Thursday, February 19, 2015

2015: My Literary Vinter Vonderland

This is our family's second full winter here at Xanadu, in a town located in the shadow of Mount Washington. A few days ago, the only place on the entire planet colder than the mountain's summit (some twenty-two miles from my front door) was recorded at the South Pole, in Antarctica. Winters here are beyond brutal.  We've hovered below zero dating back to the last day of last year. Snow has fallen in heaps and buckets.  As clearly visible in the photo at left, icicles have given our house a dragon's mouth expression full of jagged teeth.  Said photograph was taken in early February; today, weeks later, those teeth have grown longer and sharper, and the snow has continued to pile.  On Monday, February 16 the thermometer read - 20 below.  By tomorrow, the 20th, we're expecting to dip even lower.

I'll admit it -- I'm sick of all the cold, the white. I have very fond memories of New Hampshire winters when I was a kid, particularly of playing in the Big Woods that surrounded our tiny cottage home. During a blizzard in the winter of 1975, I reenacted an episode of Space:1999 set on the ice planet Ultima Thule.  A few years later, I drove around with my mother in search of the day's newspaper during the Blizzard of '78 -- while most of New England was paralyzed, we toodled about in her old red Vega, circling Cobbett's Pond for an open mom and pop.  We snagged one snowy copy at a self-serve newspaper vending machine outside our post office.  In my late 20s while working on a novel set during a blizzard, I again developed a love for short, cold New England days. Not so much any more as I enjoy the last two and a half months of my 40s; I've started dreaming again of warm days spent writing on my sun porch, icy iced coffee and snoozing cats at my side.

(XIII from publisher Resurrection House, containing
my short story, "Occupy Maple Street")
Going into this winter, I decided as I always do to accentuate the positive.  With our mortgage ticking down to single digits in terms of payments, numerous releases on the horizon, and fresh hope for the potential contained in this new year, I planned to bundle up, hunker down, nest, and write.  So far, so good on that count. Over January and into early February, I worked on several old projects (one of my mandates for this year was to give THE ENDs to various stories, long and short, that have howled for completed first drafts, some dating back to the years immediately following high school!).  I also planned to write several stories out of season -- ones set in the balmy summer.  When getting lost in Writer's World, we're able to manipulate the laws of time and space enough so that we believe we're living the story, so I planned to cast myself in the roles of characters soaking up sunshine.  As of today, I've completed nine short stories and one novella; have worked on a novel and two other novellas. However, none of them have yet transported me to the toasty realms I set out to explore. One, "Visibility", is set in Iceland and has, at its core, an encounter between a man and a crypid -- Iceland's celebrated Ice Worm Monster, which is purported to inhabit a deep glacial lake. Brrrrrrr!  On the day I finished the manuscript's first draft, I bundled up to help shovel the latest storm's accumulation, eight fluffy inches, while sub-zero wind roared across our neighborhood.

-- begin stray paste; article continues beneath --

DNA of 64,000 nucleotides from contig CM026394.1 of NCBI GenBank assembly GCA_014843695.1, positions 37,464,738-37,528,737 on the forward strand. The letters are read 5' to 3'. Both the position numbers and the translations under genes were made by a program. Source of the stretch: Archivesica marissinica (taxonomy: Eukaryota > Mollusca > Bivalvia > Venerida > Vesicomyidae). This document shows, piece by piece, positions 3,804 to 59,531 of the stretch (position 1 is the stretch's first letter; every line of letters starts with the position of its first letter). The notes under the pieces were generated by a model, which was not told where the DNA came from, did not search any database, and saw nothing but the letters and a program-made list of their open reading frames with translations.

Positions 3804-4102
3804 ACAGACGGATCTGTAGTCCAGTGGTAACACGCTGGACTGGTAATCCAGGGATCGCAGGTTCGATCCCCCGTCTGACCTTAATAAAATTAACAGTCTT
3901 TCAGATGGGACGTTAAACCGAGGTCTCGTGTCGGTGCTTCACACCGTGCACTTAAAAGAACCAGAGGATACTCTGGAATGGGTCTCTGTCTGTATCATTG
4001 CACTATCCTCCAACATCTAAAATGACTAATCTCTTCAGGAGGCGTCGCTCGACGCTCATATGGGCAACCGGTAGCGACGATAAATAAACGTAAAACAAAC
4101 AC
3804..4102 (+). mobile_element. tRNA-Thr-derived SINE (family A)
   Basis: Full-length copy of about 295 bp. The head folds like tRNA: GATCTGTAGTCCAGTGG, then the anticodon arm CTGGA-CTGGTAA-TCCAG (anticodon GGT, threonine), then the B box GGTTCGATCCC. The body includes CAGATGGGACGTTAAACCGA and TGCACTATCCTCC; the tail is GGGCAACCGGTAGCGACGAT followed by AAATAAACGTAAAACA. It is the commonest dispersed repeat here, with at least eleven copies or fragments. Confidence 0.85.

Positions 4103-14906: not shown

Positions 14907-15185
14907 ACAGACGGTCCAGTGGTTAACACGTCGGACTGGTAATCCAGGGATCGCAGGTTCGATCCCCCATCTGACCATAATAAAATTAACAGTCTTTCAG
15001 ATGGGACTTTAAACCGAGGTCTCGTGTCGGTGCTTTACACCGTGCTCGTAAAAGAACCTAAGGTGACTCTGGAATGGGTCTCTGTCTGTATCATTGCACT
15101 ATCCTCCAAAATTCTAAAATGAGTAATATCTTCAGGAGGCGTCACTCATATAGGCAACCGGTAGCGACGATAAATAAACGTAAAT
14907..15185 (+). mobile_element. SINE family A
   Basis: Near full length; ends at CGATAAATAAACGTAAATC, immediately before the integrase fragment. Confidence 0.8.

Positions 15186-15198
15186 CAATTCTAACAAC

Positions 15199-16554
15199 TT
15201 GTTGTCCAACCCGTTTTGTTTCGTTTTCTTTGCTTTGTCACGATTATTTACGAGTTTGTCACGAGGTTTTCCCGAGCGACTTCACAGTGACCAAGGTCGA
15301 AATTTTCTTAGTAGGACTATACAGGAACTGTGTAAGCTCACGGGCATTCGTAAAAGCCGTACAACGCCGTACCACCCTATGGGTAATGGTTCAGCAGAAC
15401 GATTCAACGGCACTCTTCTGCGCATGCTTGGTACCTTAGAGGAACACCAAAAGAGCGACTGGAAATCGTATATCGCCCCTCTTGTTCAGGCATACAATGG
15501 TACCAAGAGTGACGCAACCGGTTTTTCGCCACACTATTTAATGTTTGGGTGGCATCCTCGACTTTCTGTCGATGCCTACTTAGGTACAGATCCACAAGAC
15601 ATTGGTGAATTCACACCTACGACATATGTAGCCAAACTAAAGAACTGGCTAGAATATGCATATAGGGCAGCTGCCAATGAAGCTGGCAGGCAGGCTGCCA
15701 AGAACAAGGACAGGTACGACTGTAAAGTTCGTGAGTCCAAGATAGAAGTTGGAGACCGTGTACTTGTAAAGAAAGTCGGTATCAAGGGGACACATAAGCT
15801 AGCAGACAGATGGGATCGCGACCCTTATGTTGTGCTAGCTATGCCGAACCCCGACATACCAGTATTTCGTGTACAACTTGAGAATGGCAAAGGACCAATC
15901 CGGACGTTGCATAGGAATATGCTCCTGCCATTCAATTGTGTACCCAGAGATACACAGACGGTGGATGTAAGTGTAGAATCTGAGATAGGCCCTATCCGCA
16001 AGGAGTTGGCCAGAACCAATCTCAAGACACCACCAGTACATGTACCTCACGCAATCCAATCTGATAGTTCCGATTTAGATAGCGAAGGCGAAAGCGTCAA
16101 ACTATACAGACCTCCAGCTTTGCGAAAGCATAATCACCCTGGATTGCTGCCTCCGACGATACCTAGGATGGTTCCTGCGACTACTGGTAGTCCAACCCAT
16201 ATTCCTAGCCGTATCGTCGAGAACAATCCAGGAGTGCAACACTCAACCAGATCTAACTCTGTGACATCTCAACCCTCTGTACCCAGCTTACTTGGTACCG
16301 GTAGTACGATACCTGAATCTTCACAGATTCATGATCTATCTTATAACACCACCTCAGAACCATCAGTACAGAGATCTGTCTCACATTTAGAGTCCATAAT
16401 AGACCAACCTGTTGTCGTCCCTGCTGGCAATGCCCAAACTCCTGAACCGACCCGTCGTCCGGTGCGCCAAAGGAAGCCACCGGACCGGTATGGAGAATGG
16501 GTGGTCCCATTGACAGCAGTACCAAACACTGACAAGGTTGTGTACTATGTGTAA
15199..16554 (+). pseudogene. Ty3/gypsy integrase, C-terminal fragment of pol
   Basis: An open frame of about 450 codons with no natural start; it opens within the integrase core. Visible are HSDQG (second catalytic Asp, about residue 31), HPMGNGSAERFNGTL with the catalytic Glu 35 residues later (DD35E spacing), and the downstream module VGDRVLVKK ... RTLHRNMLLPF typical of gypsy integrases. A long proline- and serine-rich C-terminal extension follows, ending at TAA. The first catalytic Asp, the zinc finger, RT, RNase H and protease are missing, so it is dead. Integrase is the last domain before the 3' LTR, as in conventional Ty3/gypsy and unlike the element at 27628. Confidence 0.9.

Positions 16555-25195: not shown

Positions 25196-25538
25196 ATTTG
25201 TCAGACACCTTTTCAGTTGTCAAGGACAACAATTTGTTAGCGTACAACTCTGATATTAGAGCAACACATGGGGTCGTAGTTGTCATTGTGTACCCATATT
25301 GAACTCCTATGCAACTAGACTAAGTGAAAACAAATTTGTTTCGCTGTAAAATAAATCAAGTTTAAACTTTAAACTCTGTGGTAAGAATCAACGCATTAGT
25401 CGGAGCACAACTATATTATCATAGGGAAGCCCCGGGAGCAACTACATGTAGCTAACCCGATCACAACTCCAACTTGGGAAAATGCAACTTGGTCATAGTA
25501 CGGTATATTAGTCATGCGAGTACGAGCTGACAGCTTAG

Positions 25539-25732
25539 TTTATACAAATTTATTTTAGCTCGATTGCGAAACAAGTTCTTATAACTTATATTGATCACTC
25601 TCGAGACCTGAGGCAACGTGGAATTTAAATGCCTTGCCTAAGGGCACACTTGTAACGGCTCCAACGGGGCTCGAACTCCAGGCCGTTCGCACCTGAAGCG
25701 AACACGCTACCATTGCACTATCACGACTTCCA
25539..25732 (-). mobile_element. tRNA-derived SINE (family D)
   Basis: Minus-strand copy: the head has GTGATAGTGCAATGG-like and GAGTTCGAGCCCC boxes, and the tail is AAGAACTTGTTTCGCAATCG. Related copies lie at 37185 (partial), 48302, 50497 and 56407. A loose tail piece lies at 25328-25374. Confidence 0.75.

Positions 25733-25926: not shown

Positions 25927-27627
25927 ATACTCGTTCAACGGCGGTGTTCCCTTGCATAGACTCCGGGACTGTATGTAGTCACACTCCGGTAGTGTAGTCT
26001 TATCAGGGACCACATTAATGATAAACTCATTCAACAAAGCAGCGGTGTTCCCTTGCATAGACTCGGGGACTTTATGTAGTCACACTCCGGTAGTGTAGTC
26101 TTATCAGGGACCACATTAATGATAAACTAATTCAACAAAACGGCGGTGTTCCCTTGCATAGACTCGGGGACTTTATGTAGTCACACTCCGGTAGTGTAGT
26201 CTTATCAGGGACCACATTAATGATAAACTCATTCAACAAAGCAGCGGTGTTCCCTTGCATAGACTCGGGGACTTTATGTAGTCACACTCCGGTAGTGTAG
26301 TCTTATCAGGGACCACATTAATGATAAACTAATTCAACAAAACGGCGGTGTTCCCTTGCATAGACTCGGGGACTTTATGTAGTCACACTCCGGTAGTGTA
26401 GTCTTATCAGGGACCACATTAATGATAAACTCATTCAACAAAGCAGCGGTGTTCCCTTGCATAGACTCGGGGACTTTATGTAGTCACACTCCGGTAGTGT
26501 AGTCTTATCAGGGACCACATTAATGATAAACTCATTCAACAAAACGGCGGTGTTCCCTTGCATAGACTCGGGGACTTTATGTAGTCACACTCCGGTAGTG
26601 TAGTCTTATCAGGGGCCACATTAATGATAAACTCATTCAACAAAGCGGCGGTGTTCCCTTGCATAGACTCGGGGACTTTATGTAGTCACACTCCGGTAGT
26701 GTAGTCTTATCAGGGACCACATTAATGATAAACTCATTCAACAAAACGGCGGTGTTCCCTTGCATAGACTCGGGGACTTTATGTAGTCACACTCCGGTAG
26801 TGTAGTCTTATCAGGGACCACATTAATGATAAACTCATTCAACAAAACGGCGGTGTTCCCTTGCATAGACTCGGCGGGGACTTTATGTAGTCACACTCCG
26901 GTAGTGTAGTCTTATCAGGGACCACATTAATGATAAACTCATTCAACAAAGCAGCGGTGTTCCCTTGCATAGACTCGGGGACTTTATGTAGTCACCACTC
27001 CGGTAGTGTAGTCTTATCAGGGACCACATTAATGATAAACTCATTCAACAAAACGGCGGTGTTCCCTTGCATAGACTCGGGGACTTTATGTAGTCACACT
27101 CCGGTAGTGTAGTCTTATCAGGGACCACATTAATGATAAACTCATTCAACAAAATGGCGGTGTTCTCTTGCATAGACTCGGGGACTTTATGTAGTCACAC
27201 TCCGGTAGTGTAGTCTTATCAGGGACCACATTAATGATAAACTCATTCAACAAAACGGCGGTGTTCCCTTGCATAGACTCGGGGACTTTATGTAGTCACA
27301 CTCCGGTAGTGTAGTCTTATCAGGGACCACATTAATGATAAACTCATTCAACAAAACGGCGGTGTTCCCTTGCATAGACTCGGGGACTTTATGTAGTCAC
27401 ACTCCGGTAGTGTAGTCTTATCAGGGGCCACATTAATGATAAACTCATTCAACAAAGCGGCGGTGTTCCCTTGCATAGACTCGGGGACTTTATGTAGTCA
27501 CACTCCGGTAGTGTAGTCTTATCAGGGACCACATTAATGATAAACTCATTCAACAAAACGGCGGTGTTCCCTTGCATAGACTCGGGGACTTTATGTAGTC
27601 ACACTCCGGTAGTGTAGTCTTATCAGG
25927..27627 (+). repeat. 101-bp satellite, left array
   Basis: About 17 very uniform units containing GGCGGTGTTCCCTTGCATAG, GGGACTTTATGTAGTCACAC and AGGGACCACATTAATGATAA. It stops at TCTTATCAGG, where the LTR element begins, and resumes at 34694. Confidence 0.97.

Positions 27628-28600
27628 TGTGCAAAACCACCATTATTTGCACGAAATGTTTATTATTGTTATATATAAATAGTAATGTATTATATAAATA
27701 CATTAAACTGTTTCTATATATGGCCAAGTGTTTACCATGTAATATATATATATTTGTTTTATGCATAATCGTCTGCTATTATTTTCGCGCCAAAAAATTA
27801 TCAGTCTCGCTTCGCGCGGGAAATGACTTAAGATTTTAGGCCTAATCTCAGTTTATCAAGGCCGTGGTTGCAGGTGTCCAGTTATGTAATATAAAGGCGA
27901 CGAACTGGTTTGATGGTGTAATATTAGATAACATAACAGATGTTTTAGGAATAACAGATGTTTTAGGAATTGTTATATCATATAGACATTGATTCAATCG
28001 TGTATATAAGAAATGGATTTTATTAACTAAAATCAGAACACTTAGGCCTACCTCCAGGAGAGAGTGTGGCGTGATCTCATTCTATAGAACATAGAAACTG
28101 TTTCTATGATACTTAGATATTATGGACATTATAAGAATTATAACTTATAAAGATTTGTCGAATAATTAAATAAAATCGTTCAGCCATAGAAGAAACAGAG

Late last winter, which wasn't any more merciful, I sold a short story to the anthology XIII by the fine folks at Resurrection House.  The projected publication date was Spring 2015, but to my delight a trio of contributor copies showed up last week, a hopeful taste of spring weeks early.  Two days later, airmail from Australia arrived -- my copy of the anthology From Out of the Dark.  Dark contains my gothic short story set in deep space, "The Rats in the Bulkheads".  The story was written during last
September's delightful stay at the Waterfall House, one of several completed during our writers' group's four-day retreat.  On the brisk Saturday previous, I placed a short story in the Cohesion Press anthology, Blurring the Line -- no small feat, as the editor was swamped with submissions.  My short story "1-2-3 Red Light" made it into what promises to be an exclusive club in terms of the Table of Contents.  And, despite my focus on older ideas needing their completion, a plethora of new ones have erupted from my psyche, demanding to be written down on note cards, some jumping to the front of the line.  All this while snow falls and icy winds blow around the walls of the house.  While a major water main in town burst, leaving us without water for two days -- the repair and restoration of water wound up jostling our pipes and causing several plumbing issues that didn't previously exist.  While our small family nests at Xanadu, never traveling too far, sustained by dreams of warm spring days and the return of the lush greenery that wreaths our home from May to September.

And until the weather shifts, I plan to immerse myself in writing adventures, new and old -- some hopefully set in sunnier climes!